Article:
Cross training originates from the introduction of the triathlon in the 1980s whereby many single-sport athletes noted that they performed remarkably well in their previous specialty events despite reduced specific training to allow for multi-event training (Foster et al, 1995).
Cross training works by maintaining the training stress that is already present or enhancing it. This stimulus helps maintain training adaptations that have occurred as a result of training specificity for running. Since cross training involves non specific modalities general peripheral and central adaptations are preserved.
Training adaptations can be separated into peripheral and central categories. The periphery is the cardio respiratory exchange between blood and muscles; accounting for adaptations such as lower blood lactate accumulation, increase in aerobic capacity, enzyme efficiency, mitochondrial density and angiogenesis. Central cardiovascular adaptations include decreased heart rate, increased red blood cell count, increased blood plasma which reduces blood viscosity and increased cardiac output (stroke volume).
"You couldn't always avoid injuries so sometimes you needed to cross train I could tell you stories about the swimming pool. Gary Taylor hurt his knee in his apartment fooling around during cross country season, so we had him in the pool twice per day he would do intervals in the pool. He was back 3 weeks before he had his first indoor meet he said do you think I should run? I'm feeling great I'd say let's do two sessions of 200s, he did and lined up for the first indoor meet and ran 3:58 for the mile and that was a personal-best. He had done nothing but swimming cardiovascular wise. Different guys would go into the pool Daniel Lincoln, Alistair Craig, Joe Falcon, Frank O'Mara. We would go in and do 40 times 30 seconds with 30 seconds recovery and 40 x 1 minute or 20 x 2 minutes. I never had a guy in better shape cardiovascular wise then coming out of a pool. The only thing you are missing is the surface contact but you can solve that but just 2 or 3 weeks of jogging.”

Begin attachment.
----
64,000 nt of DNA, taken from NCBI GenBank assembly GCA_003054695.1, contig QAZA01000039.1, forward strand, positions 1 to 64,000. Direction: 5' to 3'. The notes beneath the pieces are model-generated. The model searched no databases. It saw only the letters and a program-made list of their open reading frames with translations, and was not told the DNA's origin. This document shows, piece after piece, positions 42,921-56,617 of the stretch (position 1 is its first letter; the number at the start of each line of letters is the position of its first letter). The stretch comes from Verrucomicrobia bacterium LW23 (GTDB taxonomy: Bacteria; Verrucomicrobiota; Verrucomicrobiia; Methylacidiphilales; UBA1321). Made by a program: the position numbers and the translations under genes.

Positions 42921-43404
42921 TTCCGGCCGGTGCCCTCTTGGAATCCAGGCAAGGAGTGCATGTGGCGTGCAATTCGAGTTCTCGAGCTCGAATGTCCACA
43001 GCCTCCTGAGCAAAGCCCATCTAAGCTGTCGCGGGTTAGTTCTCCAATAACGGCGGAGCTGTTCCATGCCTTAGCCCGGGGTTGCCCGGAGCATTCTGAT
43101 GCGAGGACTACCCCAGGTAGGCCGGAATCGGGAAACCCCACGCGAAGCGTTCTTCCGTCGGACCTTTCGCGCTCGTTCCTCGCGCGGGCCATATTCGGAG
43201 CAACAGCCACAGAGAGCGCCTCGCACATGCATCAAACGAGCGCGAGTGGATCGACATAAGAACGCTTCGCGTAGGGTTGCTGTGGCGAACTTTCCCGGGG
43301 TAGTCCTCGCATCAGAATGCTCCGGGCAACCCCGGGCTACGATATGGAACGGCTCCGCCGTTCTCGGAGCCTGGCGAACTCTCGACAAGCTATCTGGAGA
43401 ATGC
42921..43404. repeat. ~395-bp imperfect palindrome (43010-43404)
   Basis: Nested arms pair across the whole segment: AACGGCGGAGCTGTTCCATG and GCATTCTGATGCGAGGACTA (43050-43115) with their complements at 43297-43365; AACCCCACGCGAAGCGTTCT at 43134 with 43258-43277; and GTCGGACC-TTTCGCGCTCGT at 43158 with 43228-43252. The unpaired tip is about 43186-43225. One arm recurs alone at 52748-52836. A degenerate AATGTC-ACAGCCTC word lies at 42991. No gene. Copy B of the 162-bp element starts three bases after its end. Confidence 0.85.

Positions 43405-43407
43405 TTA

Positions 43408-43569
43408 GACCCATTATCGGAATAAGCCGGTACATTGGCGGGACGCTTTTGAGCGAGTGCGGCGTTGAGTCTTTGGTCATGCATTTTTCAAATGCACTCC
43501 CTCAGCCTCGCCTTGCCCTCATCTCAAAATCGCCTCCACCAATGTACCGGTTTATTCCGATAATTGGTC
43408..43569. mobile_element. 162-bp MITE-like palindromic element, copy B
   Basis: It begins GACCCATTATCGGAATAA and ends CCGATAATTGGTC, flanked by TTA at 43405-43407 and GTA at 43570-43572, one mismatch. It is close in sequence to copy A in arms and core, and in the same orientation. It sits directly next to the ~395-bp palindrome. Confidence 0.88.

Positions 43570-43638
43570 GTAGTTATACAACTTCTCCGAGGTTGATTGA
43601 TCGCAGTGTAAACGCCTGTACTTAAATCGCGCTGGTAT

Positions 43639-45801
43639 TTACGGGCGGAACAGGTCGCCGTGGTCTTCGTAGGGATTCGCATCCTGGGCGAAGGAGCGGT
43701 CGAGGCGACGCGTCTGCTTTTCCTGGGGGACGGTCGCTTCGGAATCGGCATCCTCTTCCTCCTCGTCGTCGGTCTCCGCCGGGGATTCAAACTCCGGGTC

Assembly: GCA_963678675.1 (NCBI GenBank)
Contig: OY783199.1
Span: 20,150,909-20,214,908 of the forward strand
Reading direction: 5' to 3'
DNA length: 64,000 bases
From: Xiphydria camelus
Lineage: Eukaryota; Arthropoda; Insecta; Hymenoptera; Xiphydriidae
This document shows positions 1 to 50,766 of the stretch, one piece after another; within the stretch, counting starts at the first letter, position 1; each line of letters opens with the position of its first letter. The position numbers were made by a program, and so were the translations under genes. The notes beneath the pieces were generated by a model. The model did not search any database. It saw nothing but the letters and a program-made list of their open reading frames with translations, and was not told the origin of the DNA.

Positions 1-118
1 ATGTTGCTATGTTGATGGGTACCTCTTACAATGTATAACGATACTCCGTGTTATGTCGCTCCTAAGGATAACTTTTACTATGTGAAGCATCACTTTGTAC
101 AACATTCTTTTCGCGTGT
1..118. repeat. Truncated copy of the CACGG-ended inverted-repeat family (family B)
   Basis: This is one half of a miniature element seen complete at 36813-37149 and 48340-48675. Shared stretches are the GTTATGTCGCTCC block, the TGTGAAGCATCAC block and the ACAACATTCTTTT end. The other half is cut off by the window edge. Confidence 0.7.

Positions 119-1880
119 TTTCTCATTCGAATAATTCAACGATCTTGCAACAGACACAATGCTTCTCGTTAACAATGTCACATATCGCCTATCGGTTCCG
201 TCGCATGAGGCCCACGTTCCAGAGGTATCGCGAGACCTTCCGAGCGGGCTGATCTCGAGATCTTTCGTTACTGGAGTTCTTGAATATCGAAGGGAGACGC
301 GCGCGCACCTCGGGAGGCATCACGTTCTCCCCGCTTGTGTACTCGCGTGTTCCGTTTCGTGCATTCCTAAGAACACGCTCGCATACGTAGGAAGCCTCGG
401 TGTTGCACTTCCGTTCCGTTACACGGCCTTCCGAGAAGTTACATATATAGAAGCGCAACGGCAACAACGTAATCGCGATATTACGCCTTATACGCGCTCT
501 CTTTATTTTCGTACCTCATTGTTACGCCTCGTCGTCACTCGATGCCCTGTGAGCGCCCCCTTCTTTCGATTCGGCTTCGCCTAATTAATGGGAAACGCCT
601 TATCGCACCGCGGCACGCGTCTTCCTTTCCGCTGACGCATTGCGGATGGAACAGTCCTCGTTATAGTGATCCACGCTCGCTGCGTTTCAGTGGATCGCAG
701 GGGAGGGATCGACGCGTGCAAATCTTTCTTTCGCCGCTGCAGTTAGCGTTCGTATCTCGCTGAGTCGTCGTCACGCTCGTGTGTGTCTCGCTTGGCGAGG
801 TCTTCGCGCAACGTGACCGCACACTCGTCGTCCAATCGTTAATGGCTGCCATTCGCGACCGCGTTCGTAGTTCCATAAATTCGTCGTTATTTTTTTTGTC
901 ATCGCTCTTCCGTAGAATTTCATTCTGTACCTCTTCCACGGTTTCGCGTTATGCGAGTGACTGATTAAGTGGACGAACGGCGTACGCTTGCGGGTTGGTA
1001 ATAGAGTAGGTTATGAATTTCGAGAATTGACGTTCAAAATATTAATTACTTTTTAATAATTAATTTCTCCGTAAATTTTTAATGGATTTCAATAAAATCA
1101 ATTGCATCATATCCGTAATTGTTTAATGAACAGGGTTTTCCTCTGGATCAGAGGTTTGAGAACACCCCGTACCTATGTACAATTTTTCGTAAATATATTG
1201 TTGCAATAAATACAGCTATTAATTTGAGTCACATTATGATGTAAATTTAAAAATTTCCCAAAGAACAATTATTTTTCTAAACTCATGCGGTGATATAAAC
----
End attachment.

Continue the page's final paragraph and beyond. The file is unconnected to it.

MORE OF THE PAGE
Quote from John MacDonnell in his book. He is the winningest coach in NCAA history. 54 individual champions, 24 Olympians. His Arkansas Razorbacks were dominant!
Conclusion: Why Cross Train?
Hopefully by now I have demonstrated how effective cross training can be when you are injured. This article is coming from a mostly physiological perspective. The psychological benefits are limitless. Not only will your athletes maintain a positive self efficacy, they will keep busy and put their energies into something productive. Be sure to monitor training stress and follow sound principles and use caution when they return to running.
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